Key Words: Strep A, Lymphedema, Cellulitis, Bacteremia, Septicemia, Cutaneous lympatics, immunocompromised, St. Anthony's Fire, Staph aureus, Strep G, Penicillin, Probenecid, Dicloxacillin, Erythromycin, Keflex, Augmentin, Necrosis, Gangrene, Thrombophebitis, Bacterial endocarditis, Soft tissue infections
Erysipelas (also called St. Anthony's Fire)is a superficial bacterial skin infection skin generally caused by (Strep A bacteria or Strep B bacteria. It can spread with alarming rapidity as it invades the cutaneous lymphatics.
While some classify it as a "form of cellulitis," it actually can be differentiated by the clear lines of demarcation of the infection. Symptoms include marked lines of infection, fever, pain, an overall achy feeling and swollen lymph nodes. Most cases involve the legs, and the second largest number of cases involve the face. However a delay in treatment can result in deeper cellulitis or lymphangitis.
Like any type of infection a lymphedema patient experiences, antibiotic treatment needs to start immediately so as to prevent septicemia or bacteremia. As with any infection erysipelas present a serious threat due to the immunocompromised state of the lymphedemous limb and because possible fibrosis handicaps effective antibiotic therapy. Also, in lymphedema patients Staph aureus (not Strep A) has been implicated as the infective bacteria.
While very similar and often confused with actual cellulitis it can be differentiated by the raised borders and advancing edges. The most commonly affected body areas are the legs, followed by the face.
There are a number of factors that might predispose one to erysipelas. The primary cause of course is a break, cut or entry foci in the skin and subsequent infection usually by a Strep A bacterium. Susceptibility factors include edema, lymphedema, venous insufficiency, venous stasis, dermatosis, diabetes, HIV infection, and other immunocompromising medical conditions.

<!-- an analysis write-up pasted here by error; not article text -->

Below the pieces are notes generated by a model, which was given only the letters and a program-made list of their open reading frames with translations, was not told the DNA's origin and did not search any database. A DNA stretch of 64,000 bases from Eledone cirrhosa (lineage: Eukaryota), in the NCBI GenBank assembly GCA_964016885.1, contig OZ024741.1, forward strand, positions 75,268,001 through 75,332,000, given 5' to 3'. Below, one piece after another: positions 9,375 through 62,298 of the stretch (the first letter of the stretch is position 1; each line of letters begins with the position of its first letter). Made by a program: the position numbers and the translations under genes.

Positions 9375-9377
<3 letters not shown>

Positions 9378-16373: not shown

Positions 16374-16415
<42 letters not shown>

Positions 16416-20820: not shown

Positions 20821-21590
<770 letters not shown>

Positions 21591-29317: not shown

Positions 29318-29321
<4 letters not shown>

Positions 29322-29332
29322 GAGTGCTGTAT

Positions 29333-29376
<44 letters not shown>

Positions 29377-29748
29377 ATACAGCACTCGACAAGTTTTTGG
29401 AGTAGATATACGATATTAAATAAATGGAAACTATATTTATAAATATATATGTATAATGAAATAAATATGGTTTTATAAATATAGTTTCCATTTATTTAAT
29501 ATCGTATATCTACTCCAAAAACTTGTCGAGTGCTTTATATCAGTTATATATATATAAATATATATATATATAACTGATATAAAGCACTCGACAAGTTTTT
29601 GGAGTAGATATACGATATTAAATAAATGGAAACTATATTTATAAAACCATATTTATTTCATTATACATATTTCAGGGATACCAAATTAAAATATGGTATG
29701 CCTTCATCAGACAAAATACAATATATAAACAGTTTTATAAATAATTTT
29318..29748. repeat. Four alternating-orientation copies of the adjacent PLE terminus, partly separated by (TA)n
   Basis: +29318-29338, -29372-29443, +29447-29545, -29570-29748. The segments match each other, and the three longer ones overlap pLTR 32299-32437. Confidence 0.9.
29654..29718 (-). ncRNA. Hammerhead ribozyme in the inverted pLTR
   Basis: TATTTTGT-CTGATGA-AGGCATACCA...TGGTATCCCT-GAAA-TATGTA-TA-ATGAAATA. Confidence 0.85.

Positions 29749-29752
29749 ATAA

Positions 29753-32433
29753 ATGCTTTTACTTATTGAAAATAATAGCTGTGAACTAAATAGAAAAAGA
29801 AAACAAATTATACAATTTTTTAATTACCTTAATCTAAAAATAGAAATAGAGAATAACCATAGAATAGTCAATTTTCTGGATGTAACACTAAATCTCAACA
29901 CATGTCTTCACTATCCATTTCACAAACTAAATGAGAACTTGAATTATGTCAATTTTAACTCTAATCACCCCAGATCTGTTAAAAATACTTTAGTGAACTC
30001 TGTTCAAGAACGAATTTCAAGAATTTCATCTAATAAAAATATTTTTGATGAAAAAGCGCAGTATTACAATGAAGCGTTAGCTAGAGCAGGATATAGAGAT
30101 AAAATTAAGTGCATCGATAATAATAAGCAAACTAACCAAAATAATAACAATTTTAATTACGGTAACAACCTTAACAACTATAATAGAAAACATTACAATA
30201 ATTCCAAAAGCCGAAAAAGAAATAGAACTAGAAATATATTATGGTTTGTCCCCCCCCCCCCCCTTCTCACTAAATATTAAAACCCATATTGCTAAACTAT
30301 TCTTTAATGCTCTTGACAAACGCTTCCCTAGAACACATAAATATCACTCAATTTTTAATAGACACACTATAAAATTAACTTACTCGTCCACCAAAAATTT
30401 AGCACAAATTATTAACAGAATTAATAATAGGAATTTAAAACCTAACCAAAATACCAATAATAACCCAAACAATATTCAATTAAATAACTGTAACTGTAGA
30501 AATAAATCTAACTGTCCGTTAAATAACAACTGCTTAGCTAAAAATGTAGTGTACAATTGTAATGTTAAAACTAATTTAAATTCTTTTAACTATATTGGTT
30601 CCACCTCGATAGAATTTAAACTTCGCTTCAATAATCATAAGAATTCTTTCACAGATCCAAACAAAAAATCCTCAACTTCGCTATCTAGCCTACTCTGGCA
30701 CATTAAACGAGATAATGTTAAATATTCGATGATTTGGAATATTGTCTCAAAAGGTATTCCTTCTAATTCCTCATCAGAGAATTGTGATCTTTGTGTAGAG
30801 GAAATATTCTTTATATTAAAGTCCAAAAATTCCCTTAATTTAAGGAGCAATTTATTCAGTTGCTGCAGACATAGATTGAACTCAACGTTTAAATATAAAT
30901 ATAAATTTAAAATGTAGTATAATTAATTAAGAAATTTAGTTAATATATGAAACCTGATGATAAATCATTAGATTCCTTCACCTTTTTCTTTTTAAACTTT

Transmission factors include port of entry through nasal cavity, insect bites, cut, incisions.
The infection may start out as a inconspicuous small red patch and spread rapidly to a painful fiery red plaque. The infection area will be warm or hot and quite tender. Over-all body symptoms might include feeling unusually drained of energy, achiness, chills, fever and malaise. There may also be blisters on the infected area and possible red streaking.
Treatment generally will involve the administration of an oral antibiotic. The infection responds well to penicillin based antibiotic. In addition Probenecid may be used as it increase the effectiveness of penicillins. For more resistant infections dicloxacillin may be used. Other antibiotics may include Nafcillin, Erythromycin, Keflex and Augmentin.
Depending upon the severity and spread IV antibiotic therapy may also be used for lymphedema patients. Also, limiting one's activity with limb elevation is standard protcol.
Blood cultures and/or wound cultures may be needed to determine the exact bacteria involved.
Complications may include bacteremia or septicemia, abscess, tissue necrosis (gangrene)in the most severe cases, thrombophlebitis, bacterial endorcarditis.
Prompt diagnosis and treatment will bring favorable results and in all but a very few patients recovery will be complete and without complications. At risk groups, including those with lymphedema may experience recurrent episodes.